The Tricky Nature of Proving Genocide Against Saddam Hussein Before the Iraqi Special Tribunal

30 Pages Posted: 3 Aug 2006

See all articles by Michael J. Kelly

Michael J. Kelly

Creighton University School of Law; American Bar Association, Business Law Section; American Society of International Law

Abstract

The trial of Saddam Hussein on charges of genocide for gassing thousands of Iraqi Kurds in Halabja and elsewhere during the Anfal campaigns and against the Marsh Arabs in southern Iraq will be difficult. Prosecutors must prove before the Iraqi Special Tribunal Hussein's specific intent to commit genocide. Saddam will be able to argue that his intent was other than genocide. Among the arguments he may present, economic security, repelling Iranian forces and political cohesion may be the strongest. This paper examines the strategies that both defense and prosecution attorneys will consider as Saddam's trial for genocide gets underway.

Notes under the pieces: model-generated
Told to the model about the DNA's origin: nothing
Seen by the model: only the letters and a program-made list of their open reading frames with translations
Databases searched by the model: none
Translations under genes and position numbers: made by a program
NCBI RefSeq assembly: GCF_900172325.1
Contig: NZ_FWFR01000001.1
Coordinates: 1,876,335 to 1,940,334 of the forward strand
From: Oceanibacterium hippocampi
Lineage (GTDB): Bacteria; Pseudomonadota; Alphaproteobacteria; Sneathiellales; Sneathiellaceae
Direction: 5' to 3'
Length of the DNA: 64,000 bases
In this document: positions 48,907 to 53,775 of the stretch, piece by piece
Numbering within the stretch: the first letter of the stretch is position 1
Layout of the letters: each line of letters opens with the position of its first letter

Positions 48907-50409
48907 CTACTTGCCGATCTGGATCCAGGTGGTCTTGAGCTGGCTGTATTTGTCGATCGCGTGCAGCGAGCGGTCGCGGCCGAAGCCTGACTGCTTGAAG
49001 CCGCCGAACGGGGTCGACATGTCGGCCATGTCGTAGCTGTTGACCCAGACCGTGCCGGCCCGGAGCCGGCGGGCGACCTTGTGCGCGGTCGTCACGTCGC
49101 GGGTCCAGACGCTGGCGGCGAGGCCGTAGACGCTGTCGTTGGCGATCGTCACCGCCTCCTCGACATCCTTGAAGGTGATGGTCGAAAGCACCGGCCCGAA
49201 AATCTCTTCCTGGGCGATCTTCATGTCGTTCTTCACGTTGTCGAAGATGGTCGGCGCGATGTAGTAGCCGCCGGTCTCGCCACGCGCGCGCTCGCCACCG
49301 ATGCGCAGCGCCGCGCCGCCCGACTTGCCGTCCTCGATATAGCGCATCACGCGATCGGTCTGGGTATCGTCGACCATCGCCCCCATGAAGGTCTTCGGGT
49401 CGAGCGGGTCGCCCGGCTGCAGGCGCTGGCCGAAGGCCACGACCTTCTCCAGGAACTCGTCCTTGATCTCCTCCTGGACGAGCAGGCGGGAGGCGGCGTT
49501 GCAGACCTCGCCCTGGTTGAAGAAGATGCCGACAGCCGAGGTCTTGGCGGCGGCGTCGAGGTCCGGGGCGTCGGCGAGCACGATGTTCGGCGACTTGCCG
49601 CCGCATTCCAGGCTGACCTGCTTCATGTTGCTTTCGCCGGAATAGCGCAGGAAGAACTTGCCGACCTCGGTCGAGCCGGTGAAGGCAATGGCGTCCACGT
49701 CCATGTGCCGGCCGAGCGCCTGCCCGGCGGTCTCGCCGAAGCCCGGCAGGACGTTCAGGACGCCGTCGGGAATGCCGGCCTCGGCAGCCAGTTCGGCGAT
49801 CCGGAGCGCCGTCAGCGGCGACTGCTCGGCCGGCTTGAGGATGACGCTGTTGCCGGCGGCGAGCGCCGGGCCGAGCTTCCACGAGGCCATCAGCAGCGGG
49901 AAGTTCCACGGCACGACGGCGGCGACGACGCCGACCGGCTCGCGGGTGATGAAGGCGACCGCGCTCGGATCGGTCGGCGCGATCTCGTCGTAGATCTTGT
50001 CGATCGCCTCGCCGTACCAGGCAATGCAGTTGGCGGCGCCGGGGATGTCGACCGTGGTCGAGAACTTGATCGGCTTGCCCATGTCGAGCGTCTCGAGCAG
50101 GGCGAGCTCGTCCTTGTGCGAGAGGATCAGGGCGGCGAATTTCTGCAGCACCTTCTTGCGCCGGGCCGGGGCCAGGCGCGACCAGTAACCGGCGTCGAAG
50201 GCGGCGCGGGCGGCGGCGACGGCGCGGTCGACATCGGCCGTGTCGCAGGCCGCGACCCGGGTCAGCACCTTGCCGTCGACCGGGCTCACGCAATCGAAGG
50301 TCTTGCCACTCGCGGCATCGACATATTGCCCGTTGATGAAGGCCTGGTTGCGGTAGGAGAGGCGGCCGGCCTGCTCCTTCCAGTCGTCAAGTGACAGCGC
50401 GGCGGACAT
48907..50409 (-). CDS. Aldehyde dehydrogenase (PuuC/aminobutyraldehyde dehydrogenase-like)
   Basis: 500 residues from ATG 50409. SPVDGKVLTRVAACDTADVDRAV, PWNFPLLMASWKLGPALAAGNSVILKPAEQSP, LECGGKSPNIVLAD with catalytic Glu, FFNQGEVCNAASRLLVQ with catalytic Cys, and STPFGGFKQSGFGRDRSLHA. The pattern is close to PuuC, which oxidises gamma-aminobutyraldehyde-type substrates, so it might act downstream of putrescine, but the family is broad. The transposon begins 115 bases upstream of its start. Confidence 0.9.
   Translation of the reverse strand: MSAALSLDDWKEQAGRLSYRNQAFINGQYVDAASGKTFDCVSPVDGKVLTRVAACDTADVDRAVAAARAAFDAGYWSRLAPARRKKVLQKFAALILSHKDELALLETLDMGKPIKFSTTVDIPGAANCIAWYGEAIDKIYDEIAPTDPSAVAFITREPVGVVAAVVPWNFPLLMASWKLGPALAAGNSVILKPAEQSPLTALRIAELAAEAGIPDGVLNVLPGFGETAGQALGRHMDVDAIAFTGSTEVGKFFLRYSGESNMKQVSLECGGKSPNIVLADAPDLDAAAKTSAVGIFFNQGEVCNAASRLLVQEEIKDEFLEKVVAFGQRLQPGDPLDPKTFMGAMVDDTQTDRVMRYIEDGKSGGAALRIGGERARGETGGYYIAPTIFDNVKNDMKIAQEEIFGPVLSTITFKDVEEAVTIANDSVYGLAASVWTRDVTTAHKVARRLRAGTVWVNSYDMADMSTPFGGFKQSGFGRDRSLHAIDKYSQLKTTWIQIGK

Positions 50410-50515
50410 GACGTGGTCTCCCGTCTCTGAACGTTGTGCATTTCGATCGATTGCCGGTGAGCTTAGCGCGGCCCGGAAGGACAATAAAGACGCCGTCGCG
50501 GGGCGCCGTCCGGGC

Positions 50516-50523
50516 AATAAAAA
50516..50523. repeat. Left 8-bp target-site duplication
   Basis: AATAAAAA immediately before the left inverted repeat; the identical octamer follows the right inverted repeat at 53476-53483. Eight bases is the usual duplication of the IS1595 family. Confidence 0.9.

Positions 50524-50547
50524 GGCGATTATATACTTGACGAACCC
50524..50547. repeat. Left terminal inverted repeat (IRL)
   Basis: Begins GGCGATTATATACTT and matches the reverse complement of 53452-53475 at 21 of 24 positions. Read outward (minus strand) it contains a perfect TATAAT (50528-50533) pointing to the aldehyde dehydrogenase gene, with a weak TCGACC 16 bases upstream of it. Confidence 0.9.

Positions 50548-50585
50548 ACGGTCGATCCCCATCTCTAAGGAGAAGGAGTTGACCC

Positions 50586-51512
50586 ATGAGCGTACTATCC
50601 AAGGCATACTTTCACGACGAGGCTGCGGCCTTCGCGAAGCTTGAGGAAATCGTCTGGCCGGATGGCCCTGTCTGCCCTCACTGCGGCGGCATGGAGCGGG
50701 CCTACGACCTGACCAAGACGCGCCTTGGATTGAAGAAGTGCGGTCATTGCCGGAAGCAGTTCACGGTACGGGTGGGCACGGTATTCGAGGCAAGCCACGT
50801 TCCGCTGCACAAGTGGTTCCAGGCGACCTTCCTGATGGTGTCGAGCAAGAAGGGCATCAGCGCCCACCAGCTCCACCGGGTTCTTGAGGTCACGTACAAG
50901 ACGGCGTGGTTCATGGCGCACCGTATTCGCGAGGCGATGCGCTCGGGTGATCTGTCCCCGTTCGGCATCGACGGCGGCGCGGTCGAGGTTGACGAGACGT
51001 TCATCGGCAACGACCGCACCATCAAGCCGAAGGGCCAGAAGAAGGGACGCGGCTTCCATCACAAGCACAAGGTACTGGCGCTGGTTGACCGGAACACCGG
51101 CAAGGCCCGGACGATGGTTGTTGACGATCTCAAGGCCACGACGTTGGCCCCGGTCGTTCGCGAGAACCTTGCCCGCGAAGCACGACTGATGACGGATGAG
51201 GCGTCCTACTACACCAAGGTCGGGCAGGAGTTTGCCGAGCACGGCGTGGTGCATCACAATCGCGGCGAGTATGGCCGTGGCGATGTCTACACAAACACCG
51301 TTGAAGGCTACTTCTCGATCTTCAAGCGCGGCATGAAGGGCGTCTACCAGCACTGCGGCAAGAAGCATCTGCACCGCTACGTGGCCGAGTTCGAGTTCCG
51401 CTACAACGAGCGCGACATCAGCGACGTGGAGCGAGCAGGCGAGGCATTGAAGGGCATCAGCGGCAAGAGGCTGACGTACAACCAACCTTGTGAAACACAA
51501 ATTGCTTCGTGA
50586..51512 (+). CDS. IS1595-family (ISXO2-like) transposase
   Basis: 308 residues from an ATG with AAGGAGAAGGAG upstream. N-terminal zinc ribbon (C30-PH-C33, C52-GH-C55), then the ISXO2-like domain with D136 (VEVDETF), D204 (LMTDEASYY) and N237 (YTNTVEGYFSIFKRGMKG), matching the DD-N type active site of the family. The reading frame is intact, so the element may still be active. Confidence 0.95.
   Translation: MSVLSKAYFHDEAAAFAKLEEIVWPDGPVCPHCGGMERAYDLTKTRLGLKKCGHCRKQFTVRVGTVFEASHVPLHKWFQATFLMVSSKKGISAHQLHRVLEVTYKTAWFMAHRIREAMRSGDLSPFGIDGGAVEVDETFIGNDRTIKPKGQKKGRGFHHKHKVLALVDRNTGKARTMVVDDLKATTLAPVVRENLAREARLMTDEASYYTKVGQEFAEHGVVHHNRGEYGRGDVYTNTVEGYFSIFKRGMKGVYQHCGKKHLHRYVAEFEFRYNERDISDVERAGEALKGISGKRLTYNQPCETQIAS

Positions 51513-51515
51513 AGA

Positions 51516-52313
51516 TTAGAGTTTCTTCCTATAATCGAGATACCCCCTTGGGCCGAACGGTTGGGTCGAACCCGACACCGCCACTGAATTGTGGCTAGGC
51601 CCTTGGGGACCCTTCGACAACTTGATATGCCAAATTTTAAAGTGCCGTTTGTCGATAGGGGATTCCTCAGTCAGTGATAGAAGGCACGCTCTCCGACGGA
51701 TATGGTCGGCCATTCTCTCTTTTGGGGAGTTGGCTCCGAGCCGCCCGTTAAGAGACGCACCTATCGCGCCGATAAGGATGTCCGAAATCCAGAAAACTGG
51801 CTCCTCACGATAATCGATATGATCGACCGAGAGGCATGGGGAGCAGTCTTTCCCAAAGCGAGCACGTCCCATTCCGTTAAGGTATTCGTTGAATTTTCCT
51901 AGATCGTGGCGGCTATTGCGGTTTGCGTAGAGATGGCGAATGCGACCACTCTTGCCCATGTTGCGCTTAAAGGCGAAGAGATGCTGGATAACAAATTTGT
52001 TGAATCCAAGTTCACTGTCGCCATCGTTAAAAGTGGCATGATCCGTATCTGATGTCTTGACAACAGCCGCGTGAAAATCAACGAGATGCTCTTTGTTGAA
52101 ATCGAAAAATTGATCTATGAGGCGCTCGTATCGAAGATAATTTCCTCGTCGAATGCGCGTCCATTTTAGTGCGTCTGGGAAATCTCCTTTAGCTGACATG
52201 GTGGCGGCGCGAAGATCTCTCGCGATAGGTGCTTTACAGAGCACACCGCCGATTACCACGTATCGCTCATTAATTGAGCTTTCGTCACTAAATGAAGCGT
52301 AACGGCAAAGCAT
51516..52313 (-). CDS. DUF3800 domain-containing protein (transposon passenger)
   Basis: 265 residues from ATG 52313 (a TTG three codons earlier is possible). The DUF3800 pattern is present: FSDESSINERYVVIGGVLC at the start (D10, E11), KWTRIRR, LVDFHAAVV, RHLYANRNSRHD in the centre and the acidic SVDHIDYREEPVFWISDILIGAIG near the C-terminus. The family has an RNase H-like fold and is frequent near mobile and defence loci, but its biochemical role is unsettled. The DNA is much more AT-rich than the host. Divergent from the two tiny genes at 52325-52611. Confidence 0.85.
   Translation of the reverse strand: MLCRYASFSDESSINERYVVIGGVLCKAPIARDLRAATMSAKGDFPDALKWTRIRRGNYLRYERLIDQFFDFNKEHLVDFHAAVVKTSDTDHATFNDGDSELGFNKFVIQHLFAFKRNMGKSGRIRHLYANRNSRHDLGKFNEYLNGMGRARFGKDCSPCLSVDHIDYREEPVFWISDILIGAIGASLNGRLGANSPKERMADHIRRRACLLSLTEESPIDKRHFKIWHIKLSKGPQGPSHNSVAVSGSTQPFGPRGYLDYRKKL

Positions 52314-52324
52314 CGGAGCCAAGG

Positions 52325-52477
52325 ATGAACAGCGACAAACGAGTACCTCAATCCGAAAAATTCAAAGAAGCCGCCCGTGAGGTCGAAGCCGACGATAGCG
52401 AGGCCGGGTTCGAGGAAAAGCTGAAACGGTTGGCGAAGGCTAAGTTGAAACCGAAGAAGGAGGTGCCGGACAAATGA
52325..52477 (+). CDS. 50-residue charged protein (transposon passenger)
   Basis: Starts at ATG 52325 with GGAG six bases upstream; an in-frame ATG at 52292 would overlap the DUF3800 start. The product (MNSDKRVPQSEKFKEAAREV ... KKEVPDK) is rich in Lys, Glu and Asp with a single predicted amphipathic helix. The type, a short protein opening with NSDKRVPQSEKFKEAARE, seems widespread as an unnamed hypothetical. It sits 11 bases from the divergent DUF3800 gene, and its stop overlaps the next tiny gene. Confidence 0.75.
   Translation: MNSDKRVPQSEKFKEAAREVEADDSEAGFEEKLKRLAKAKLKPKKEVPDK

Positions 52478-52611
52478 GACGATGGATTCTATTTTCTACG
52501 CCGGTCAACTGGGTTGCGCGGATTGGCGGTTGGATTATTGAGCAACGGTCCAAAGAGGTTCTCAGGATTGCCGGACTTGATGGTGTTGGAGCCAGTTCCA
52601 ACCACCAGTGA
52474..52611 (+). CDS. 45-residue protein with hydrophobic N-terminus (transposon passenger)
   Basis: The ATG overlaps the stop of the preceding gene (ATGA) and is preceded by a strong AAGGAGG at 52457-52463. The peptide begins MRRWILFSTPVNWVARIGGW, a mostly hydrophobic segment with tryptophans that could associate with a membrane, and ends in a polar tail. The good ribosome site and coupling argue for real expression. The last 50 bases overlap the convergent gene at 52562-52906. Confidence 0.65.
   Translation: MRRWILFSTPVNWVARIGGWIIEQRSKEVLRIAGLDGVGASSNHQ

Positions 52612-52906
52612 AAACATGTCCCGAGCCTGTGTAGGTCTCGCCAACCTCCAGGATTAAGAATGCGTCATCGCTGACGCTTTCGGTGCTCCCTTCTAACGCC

Keywords: Saddam, Hussein, genocide, Iraq, Bush, Kurd, Halabja, Iran, Marsh Arabs, crimes against humanity, tribunal, international law, atrocity

JEL Classification: K14, K33, K41

Suggested Citation

Kelly, Michael J., The Tricky Nature of Proving Genocide Against Saddam Hussein Before the Iraqi Special Tribunal. Cornell International Law Journal, Vol. 38, No. 983, 2005. Available at SSRN: https://ssrn.com/abstract=920858

Michael J. Kelly (Contact Author)

Creighton University School of Law ( email )

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HOME PAGE: http://www.creighton.edu/law/faculty/kelly/index.php

American Bar Association, Business Law Section ( email )

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American Society of International Law

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